Just like the one I had thrown into the lake so many years before to symbolize that I no longer chose to be shackled to the person who had abandoned me, there was the ring.  As I sat late at night looking at everything imaginable on an auction site, I saw a vintage, tarnished version of the English poesy ring I had given my husband for our tenth anniversary.  Inside it was inscribed with “All I refuse & thee I chuse”.  I had chosen him over all of my dreams.

When he left our house, I felt I had nothing left to give.  My life was nowhere to be found.  The one I had dreamed of before we met had been scattered to the wind like fallen leaves swept up in a whirlwind of cool Autumn air to be covered by winter’s first snowfall.  Buried beneath countless snowstorms, my  life lay waiting to be uncovered.  To me, it was lost.

As I sorted through things during that long, snowy winter, a silver object rolled out onto the tile countertop.  He had not taken it with him.  The ring had meant nothing.  He had seldom worn it and I remembered asking him on special occasions if he would wear it.  To me, it meant that I chose no one else over him.  To him, it must have meant that he was enslaved in some sort of prison.  The truth was that he had chosen to be married.  His mind must have been turning at this point and I had no clue about his thoughts.

I picked the ring up and tried it on.  It was too big on my fingers.  Into my case it went for the future.  Of what?  I didn’t know yet.  As the years passed, I forgot about it.  One day as I was attempting to make things fit into my safe deposit box, I found it again.  I put it into my pocket and knew what I wanted to do with it.

As darkness descended upon the harbor, I walked out onto the dock.  I took the ring into my hand and threw it as hard as I could out over the water, watching it descend and splash in the cool stillness.  I was giving it to the place I loved the most where I had found myself again.  I chose the place that felt like home.  It was where I wanted to be.  The ring was a gift to the lake that had infused my heart with hope and my soul with life.  I hoped that it would always lay beneath the beautiful waters of Sunapee.  If it was found someday, I hoped it would be by someone who had a true love to give it to and one that would last forever.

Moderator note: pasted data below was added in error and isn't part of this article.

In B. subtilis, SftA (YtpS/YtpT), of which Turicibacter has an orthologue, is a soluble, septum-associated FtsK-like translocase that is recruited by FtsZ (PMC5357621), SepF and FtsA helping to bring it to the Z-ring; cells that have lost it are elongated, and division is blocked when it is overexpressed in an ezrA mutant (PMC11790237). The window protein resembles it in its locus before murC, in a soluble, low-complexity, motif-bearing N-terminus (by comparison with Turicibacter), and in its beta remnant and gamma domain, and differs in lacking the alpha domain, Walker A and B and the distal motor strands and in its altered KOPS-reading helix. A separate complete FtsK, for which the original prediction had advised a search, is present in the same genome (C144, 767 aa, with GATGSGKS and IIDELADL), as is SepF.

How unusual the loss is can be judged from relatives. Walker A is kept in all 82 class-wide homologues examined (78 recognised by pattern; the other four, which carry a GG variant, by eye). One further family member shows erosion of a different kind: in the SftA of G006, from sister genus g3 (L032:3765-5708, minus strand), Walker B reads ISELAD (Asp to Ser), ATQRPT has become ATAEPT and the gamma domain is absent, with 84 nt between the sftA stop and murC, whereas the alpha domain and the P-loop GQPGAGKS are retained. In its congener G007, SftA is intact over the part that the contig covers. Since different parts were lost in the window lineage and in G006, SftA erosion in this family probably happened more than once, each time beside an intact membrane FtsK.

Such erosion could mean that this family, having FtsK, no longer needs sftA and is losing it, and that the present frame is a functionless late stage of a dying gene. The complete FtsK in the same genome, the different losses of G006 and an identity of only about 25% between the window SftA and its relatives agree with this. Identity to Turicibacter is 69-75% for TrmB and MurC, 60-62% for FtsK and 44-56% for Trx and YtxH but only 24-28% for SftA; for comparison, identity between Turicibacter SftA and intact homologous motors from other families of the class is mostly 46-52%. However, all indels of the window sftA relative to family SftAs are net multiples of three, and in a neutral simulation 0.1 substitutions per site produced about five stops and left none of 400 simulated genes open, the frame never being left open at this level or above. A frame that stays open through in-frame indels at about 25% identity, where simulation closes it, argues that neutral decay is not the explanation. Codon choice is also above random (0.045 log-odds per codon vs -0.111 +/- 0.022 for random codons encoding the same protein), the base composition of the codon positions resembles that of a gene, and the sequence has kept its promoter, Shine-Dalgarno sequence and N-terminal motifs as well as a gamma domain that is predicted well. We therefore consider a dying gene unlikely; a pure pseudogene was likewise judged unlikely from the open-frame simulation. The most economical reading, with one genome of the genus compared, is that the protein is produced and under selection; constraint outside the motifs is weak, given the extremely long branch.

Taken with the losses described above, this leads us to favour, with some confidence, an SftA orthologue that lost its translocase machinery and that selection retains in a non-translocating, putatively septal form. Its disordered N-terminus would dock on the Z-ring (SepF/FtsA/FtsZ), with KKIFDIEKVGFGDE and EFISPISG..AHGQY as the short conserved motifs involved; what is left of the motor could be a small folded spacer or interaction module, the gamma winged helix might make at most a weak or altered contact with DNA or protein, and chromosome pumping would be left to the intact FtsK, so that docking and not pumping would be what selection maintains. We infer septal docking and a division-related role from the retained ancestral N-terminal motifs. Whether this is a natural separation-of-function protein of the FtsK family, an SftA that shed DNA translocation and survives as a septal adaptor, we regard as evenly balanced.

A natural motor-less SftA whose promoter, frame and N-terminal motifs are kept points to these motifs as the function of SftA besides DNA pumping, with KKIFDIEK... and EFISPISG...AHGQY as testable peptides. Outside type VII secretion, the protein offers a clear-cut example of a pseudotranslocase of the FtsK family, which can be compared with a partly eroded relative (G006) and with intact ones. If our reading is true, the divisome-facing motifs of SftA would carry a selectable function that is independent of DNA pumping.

I placed a bid on the tarnished ring on the screen before me.  Why would I do this?  To me, it was a sign.  It had been someone else’ ring.  Not mine.  Not his.  Perhaps, it held stories of true love and they would be passed to me.  A few days later, I heard a beep on my phone.  I had won the ring for only $4.25.  Much less than I had paid for the original ring so many years before.  Another sign?

As I sorted through the contents of my post office box, I found a small package.  Inside the plastic envelope was the ring.  It was very tarnished and it looked as though it had been well worn by someone.  After I returned to the place I was living, I dropped it in jewelry cleaner and counted to ten.  Out came a brighter ring of silver.  A polish cloth did the final trick and it looked almost new except for a bit of a scuff on one side.  I slipped it onto my finger beneath two other rings so that it would not slip off.  And, I decided it would stay there.  I thought that maybe I’d be able to give it to someone with a truer heart that would want to wear it and would stay with me no matter what.

Love.  I always hoped it would find me again.  It hasn’t appeared yet but I know it’s possible.  I only have to remove my heart from its prison and let it fly.

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